We Have Liftoff!

Today’s the day! The shell is coming off!

We were so excited to remove the shell from the frame of our trailer as this marks a huge step forward in our renovation progress.

Removing the shell was not a simple or easy undertaking, so while necessary in our process, we would not recommend it for the faint of heart. We’ve shown just a few of the tools necessary below, although we ended up using quite a bit more than those in the long run.

We had previously torn out the interior down to the subfloor, so the first step in the shell removal beyond that was to remove the belt line trim around the outside perimeter of the shell which was attached with pop rivets. We used a drill with a 1/8″ drill bit to remove the rivets.

Next we had to remove the banana wraps and drill out the rivets on the shell extensions attaching to the belly pan (common in 1970 and earlier Airstream models).

From there we used our angle grinder to cut elevator bolts where accessible. These connect the floor channel to the frame. They’re pretty difficult to reach and take quite a bit of work to remove. We had the most success in the rear of the Airstream where the bolts were rusted and there was some rear end frame separation.

After cutting the bolts that we could, we built interior supports to maintain the shape of the shell during the lift. We have a complete post and video of how we built these supports here. We also built the gantries at this time and ordered two hoists to use to raise the shell.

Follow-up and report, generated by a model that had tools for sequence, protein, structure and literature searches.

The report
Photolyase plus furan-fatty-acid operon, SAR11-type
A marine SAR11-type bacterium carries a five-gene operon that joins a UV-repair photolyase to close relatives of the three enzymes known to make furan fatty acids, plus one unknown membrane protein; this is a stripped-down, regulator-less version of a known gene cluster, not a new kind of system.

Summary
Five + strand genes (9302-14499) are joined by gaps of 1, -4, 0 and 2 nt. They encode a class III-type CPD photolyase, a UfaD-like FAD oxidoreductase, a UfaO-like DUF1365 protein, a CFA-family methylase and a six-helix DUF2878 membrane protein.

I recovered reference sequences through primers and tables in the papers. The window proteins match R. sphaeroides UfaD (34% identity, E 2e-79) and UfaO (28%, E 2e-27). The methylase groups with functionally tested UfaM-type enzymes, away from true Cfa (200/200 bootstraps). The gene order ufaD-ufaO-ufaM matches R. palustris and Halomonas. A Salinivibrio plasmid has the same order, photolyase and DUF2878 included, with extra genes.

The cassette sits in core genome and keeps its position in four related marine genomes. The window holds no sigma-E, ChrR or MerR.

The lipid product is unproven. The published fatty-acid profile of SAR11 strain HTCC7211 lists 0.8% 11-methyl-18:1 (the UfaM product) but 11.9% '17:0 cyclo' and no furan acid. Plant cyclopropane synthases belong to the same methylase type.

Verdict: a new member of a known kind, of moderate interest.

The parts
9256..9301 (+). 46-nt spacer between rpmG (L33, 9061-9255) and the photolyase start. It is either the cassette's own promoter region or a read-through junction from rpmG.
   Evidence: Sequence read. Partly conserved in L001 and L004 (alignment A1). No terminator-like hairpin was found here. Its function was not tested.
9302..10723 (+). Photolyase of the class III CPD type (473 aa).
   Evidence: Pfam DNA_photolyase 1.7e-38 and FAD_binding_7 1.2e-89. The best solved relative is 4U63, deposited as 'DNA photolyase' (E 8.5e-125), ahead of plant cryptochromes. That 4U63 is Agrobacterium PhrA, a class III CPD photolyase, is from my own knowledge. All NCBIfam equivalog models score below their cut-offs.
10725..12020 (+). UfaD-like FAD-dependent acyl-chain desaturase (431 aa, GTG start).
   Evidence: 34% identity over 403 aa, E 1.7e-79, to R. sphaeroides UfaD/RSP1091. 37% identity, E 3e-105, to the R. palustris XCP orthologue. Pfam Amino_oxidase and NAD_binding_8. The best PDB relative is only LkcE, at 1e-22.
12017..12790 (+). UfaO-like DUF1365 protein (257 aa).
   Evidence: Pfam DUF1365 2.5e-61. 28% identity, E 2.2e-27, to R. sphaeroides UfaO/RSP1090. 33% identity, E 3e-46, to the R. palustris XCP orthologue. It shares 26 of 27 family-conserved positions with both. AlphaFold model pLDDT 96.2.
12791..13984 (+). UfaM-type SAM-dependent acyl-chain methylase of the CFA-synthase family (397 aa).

In places where it was too difficult to get to the elevator bolts, we drilled the rivets from the outside, which unfortunately meant that the floor channel in the rear stayed with the shell and the channel in the front stayed with the frame. This was not exactly what we had planned but ended up being the easiest way to disconnect the two major halves of the trailer.

At that point we were ready to do a few test lifts using the gantries and hoists to ensure that the frame and shell were actually separated. We had a few false starts here, so we would highly recommend going very slowly as you start to raise the shell. It’s quite likely that you will find rivets and/or bolts still attached.

Once we were sure that the separation was complete, we hooked up the trailer frame to our truck and prepared to lift the shell. We carefully lifted it little by little from each end (we were using two hoists as you can see in the photos below). This ensured minimal twisting and contorting of the shell during the lift. Once the shell was raised high enough, we drove the frame out from underneath and lowered the shell back down onto six pillars of landscape brick. We spent a considerable amount of time leveling it from front to back and side to side to ensure long term stability, as we aren’t sure how long the shell will be on the ground.

The gantries were then dismantled so that they wouldn’t fall on the shell, and we will set them back up when we’re ready to reattach the frame.

Feel free to check out our photos and video of the process below! As always we are happy to answer any questions you may have, so feel free to drop us a comment or send us an email!

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